April 2014


Any and all wildlife. You can send them by e-mail here. Photographs are very welcome.

 Wednesday 30th April 2014.
Phill Luckhurst - Since seeing my first Wilstone Hobby of the year last Saturday I've been trying and failing to get a decent picture so attached is one taken from the Drayton Hide last season. Hopefully they will give us as much entertainment this year as they did the last. As ever they have timed their arrival perfectly as today I saw my first of the year of many insects they feed on at Wilstone. These included Damselflies, Common Darters, Wide-Bodies Chasers and even a couple of Migrant Hawkers which normally do not appear until June. Rushy meadow was full of butterflies today with the Orange Tips in full mating mode. While on the subject of Rushy Meadow the farmer has installed a number of kissing gates. Some are a little on the small side as one rather large and very embarrassed lady discovered today at the one nearest the Drayton Hide. So much so she could not fit and had to abandon her walk in that direction. Over at Startops later there were plenty of Terns darting around and also a single Redshank sat on the bales. At least 3 Cuckoo could be heard calling and one could be seen in the trees between Marsworth and the Lagoon.
Hobby (last season) by Phill Luckhurst

Orange Tip by Phill Luckhurst

Orange Tip by Phill Luckhurst

Orange Tip by Phill Luckhurst

Common Tern by Phill Luckhurst

Roy Hargreaves - Again misty this morning but pleasant otherwise. From the jetty there was a flock of six Shelduck swimming around. Uneventful for the rest of the walk with a single Oystercatcher flying round and a Garden Warbler was singing in trees in the hide meadow.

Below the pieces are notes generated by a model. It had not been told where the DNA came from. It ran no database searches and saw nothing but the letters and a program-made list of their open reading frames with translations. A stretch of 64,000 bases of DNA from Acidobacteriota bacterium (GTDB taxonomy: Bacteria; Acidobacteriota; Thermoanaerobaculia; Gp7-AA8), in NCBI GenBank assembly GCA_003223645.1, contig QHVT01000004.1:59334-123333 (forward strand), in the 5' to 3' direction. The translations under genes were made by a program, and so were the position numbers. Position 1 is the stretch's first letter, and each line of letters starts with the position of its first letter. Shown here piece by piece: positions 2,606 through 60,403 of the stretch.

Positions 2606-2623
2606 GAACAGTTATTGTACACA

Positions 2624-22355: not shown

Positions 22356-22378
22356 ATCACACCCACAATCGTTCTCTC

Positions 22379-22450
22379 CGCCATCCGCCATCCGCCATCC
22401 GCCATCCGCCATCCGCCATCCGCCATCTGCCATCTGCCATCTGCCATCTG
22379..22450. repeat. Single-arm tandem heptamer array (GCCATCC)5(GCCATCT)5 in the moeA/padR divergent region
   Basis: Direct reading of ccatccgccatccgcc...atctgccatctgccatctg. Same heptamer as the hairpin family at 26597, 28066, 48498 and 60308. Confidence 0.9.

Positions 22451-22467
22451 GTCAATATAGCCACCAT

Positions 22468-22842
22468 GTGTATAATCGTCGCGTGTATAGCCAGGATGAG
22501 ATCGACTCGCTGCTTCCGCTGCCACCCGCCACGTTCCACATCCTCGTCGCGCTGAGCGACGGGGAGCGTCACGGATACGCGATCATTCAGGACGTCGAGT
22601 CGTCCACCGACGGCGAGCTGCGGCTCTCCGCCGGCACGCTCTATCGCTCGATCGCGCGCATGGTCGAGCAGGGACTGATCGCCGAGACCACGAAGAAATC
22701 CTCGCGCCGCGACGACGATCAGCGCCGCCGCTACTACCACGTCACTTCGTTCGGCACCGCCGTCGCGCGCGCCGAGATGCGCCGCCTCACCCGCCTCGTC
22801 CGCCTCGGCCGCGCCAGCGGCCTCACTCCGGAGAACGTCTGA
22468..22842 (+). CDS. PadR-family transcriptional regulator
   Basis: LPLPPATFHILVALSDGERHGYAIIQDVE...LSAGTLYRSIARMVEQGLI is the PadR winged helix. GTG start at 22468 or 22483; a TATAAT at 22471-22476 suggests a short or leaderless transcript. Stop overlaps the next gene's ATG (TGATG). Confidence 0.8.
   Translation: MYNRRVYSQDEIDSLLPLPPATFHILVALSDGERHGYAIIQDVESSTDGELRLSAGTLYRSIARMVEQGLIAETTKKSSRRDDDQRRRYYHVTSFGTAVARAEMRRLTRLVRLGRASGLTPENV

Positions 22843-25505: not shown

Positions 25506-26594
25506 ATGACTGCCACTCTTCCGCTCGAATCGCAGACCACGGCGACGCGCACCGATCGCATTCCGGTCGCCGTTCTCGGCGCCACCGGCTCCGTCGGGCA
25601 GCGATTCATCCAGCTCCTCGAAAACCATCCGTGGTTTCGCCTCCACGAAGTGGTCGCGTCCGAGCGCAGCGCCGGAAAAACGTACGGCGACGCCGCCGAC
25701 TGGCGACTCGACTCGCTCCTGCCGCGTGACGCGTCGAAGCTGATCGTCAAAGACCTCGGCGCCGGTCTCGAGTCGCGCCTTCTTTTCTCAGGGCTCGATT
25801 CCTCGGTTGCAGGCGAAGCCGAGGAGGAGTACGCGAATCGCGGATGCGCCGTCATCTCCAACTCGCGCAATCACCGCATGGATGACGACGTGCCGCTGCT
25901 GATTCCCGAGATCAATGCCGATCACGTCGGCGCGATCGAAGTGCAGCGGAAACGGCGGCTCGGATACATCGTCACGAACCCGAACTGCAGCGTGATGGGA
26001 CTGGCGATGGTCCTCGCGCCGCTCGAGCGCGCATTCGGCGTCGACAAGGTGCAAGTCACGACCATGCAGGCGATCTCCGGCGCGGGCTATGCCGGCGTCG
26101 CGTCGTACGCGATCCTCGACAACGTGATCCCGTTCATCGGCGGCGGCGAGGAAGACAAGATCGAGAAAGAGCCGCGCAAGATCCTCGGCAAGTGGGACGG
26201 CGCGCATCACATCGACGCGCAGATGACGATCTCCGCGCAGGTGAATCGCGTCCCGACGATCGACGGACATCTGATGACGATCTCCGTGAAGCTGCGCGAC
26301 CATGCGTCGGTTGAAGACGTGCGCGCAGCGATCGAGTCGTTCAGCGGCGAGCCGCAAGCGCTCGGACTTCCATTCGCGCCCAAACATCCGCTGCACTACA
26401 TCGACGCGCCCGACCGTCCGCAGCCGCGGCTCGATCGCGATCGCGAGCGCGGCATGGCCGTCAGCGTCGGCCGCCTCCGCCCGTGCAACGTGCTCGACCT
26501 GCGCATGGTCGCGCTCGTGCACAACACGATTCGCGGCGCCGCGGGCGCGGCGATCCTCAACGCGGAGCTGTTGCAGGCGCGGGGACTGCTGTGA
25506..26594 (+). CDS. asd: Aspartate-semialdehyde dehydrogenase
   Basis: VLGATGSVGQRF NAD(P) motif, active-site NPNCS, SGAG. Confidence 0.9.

Tuesday 29th April 2014.
Roy Hargreaves - I overslept this morning and woke to thickish fog so wasn’t too optimistic as I walked to Wilstone Res. On the east path down from the Dry Canal there was a Lesser Whitethroat and carrying on round I was surprised to see a Tawny Owl land in front of me and naturally it flew off as I scrambled for my camera. The fog did dissipate a bit as I walked round and by the overflow I spotted this male Greater Scaup - a big surprise to be honest. Unfortunately the picture reflects the foggy conditions at the time. The Cetti’s was singing at the back of Rushy Meadow and the Little Owl was out at Miswell Farm in its normal tree.
Greater Scaup by Roy Hargreaves
Ian Bennell - I've just had an email regarding the wing tagged (number 59) Marsh Harrier seen at Wilstone Reservoir on the 21st April. It was tagged on 18th July 2013 on the Isle of Sheppey, Kent.

 Sunday 27th April 2014.
Johne Taylor (Tring Ringing Group) - Wilstone this morning. The male Cettis ringed at Wilstone is a bird originally ringed at Marsworth.There was also a new female there today plus two Cuckoos, good numbers of Reed, Sedge warblers. A Garden warbler, several BlackcapsChiffchaffsOystercatchers sitting on large raft, lots of Martins and Swallows flying low over the reeds and water.

Mallard on Marsworth yesterday by Peter Brazier
 No pictures from the reservoirs this weekend so we have these from Dave Hutchinson at College Lake.
Little Ringed Plover by David Hutchinson

Reed Bunting by David Hutchinson

Reed Warbler by David Hutchinson

Charles Jackson - With Steve R this morning at Wilstone - a Hobby flew in from over the hide and began hunting along the reed bed. The hirundines disappeared immediately! Also a Cuckoo singing from the back of Wilstone, a Yellow Wagtail on the bank and a Kingfisher. Lots of House Martins. A Marsworth there was around 45 Common Terns and a Cuckoo there as well.

Roy Hargreaves - First thing I saw four Oystercatchers together at Wilstone. A Yellow Wagtail at Startops and two Shelduck at Tringford

 Thursday 24th April 2014.
Roy Hargreaves - This morning it was raining lightly when I got up and this augured well. On walking up the car park steps at Wilstone a quick scan of the close barley bales produced a Whimbrel. Surprisingly after a few minutes it moved to another bale and it wasn't until 6:35 that it departed and called twice while leaving. Unfortunately the poor record shot was all I could manage in the conditions but I have included one of a Whimbrel I took last winter on Tenerife, a bit of a contrast. Two Common Sandpipers and two Oystercatchers were flying about and the two tame Mandarin where on the bank and quite approachable. A circuit round Wilstone indicated that Whitethroats are well and truly in most of their usual haunts and the Cetti’s was still at the back of Rushy Meadow. Startops had a Common Sandpiper and Marsworth a singing Cuckoo.